Some academics have argued that there is no evidence to prove the Exodus narrative is based on historical fact: There are no written records from ancient Egypt attesting to Hebrew or Israelite slaves (and certainly not to a man named Moses). There is no mention of any of the plagues, let along a series of them. There is no archaeological evidence of an Israelite settlement in Egypt, nor movement of even a fraction of the 600,000 souls Torah claims wandered for you decades through the wilderness of Sinai (and that number includes only military-age men; women and children would bring the tally closer to two million). The Torah account includes supernatural events (for example, the parting of the Reed Sea) which cannot be accepted as historical in any regard. There is no evidence at all of a conquest of the Land of Israel on the timeline of the Bible.
Others have decried that an absence of evidence isn’t evidence of absence. Ancient Egyptian texts would have referred to “Asiatics,” not Hebrews or Israelites. Archaeological evidence of West-Semitic populations in the area called Goshen in the second millennium B.C.E. does exist. The biblical account includes details of ancient Egyptian culture from the time of the purported Exodus and long before the texts were written down. The Torah’s description of Israel’s journey reflects knowledge of the geography and conditions of the area Israel is said to have traversed. Migrants don’t leave archaeological evidence precisely because they move around rather than settle down. While the two million number is clearly hyperbolic, perhaps a much smaller group left Egypt (which is more in keeping with the Torah’s own description of the size of the Israelite encampment in the wilderness). Other ancient texts—particularly from the Roman period—are accepted as having historical value despite their use of wildly inflated numbers and supernatural claims.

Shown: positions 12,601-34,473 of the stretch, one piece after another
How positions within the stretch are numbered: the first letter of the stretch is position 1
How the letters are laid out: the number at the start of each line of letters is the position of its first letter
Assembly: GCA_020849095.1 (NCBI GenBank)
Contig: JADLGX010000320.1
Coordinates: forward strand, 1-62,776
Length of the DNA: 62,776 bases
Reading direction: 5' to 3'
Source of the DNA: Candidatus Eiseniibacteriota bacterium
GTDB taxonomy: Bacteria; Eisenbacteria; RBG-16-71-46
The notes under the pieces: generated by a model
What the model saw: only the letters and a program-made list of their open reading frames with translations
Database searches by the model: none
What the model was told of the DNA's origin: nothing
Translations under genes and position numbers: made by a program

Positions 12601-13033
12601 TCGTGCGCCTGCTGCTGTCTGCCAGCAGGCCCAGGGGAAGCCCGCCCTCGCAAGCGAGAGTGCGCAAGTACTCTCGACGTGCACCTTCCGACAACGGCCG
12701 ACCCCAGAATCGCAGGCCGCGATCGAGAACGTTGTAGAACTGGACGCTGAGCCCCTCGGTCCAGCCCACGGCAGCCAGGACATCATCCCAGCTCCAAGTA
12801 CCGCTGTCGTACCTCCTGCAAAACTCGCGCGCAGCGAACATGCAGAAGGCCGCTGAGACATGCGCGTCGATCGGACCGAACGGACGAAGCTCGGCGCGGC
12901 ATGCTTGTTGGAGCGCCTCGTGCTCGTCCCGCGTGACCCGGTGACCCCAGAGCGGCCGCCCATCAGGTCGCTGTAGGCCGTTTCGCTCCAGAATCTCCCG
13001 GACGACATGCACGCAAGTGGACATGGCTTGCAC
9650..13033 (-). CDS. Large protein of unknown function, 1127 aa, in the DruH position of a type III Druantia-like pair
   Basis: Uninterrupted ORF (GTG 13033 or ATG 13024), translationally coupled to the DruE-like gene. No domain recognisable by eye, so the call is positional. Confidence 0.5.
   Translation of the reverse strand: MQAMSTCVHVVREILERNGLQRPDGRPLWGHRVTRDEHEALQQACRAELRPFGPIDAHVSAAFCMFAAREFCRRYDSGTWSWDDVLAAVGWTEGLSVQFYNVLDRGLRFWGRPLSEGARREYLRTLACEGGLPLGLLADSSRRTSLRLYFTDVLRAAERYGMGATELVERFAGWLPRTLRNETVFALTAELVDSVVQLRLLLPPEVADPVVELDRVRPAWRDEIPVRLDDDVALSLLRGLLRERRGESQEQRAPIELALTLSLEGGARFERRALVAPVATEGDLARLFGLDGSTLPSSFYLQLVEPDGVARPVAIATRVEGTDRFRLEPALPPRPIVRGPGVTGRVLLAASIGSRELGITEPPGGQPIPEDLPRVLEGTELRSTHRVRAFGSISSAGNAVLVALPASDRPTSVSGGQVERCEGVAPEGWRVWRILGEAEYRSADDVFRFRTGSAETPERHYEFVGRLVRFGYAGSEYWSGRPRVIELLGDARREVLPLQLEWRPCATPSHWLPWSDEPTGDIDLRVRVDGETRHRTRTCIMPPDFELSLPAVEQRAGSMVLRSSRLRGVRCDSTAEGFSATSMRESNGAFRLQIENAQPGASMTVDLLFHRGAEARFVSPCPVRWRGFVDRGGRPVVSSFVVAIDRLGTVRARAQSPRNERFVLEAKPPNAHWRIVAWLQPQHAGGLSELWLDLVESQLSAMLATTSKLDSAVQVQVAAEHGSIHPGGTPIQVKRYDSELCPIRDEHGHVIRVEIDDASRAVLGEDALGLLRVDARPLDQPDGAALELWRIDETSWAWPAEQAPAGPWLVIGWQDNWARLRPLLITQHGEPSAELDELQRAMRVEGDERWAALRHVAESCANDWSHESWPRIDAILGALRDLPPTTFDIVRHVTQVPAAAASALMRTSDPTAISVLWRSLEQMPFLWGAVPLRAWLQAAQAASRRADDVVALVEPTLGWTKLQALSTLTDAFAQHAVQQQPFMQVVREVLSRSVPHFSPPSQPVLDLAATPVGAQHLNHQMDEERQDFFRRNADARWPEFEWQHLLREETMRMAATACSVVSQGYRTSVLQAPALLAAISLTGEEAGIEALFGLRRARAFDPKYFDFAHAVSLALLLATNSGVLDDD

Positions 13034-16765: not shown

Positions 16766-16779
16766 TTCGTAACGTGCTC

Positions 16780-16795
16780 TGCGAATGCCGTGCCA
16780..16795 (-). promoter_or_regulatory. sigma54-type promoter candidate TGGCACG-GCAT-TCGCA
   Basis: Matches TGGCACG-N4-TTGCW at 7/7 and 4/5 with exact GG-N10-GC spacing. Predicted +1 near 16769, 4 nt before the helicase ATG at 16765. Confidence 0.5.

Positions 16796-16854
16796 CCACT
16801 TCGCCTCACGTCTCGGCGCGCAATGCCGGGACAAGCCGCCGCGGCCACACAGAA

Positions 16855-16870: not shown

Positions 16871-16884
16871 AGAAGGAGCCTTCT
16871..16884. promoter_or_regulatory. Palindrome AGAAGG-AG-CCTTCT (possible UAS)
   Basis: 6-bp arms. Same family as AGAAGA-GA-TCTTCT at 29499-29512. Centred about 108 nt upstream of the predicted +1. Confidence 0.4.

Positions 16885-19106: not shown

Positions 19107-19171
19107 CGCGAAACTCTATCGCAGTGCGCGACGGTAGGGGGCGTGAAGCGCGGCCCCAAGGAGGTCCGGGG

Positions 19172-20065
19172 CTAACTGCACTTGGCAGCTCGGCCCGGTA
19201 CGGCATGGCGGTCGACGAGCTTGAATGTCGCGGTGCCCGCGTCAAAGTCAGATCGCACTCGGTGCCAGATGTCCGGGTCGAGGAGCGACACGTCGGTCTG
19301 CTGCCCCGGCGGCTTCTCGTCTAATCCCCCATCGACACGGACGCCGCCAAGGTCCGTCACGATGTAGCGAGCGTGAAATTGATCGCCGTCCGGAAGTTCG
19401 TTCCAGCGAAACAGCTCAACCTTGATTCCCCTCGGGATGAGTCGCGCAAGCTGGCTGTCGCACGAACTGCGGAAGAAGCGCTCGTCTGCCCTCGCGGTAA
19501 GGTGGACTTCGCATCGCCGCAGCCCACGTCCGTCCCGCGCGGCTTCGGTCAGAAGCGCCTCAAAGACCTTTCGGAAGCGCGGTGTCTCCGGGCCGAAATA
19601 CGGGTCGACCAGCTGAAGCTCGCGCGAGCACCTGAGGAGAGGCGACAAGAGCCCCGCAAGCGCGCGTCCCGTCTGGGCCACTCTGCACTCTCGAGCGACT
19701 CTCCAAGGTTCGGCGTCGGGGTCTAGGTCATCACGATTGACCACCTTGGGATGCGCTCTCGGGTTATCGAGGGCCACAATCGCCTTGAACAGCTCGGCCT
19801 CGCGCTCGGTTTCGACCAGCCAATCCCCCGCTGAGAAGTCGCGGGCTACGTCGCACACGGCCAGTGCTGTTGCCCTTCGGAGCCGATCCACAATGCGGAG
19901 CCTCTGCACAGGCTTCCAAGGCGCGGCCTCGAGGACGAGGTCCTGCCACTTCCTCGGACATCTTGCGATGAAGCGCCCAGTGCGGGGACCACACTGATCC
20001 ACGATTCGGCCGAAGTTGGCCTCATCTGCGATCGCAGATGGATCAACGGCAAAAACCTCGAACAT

Joshua Berman, professor of Bible at Bar-Ilan University, points out that among academic disciplines, Bible studies stands apart for the double standard that is applied to biblical texts alone, perhaps stemming from the fact that many students of Bible are also “believers in” the Bible. The fear that students of Bible will lean on their faith and justify their views with, “The Bible says it’s true!” or worse, “God said so!” and call this academic scholarship is alarming to many academics. Berman says that, “In the drive to keep fundamentalists at bay, some scholars have wound up throwing out the Bible with the bathwater, preemptively downgrading its credibility as a historical witness.” What is more, Berman claims, the power struggle we find within biblical studies today is, “an aspect of the larger culture war that rages between liberals and conservatives in the U.S. (and, with different expressions, in Israel). In that war, the place of religion in the public square is a major battleground, with skirmishes over hot-button issues ranging from abortion and gay marriage to public display of the Ten Commandments.” In this culture war, the Bible has been co-opted on one side to suppress evolutionary science, on on the other side, to claim that all of Ancient Israel is a fictional fabricatione.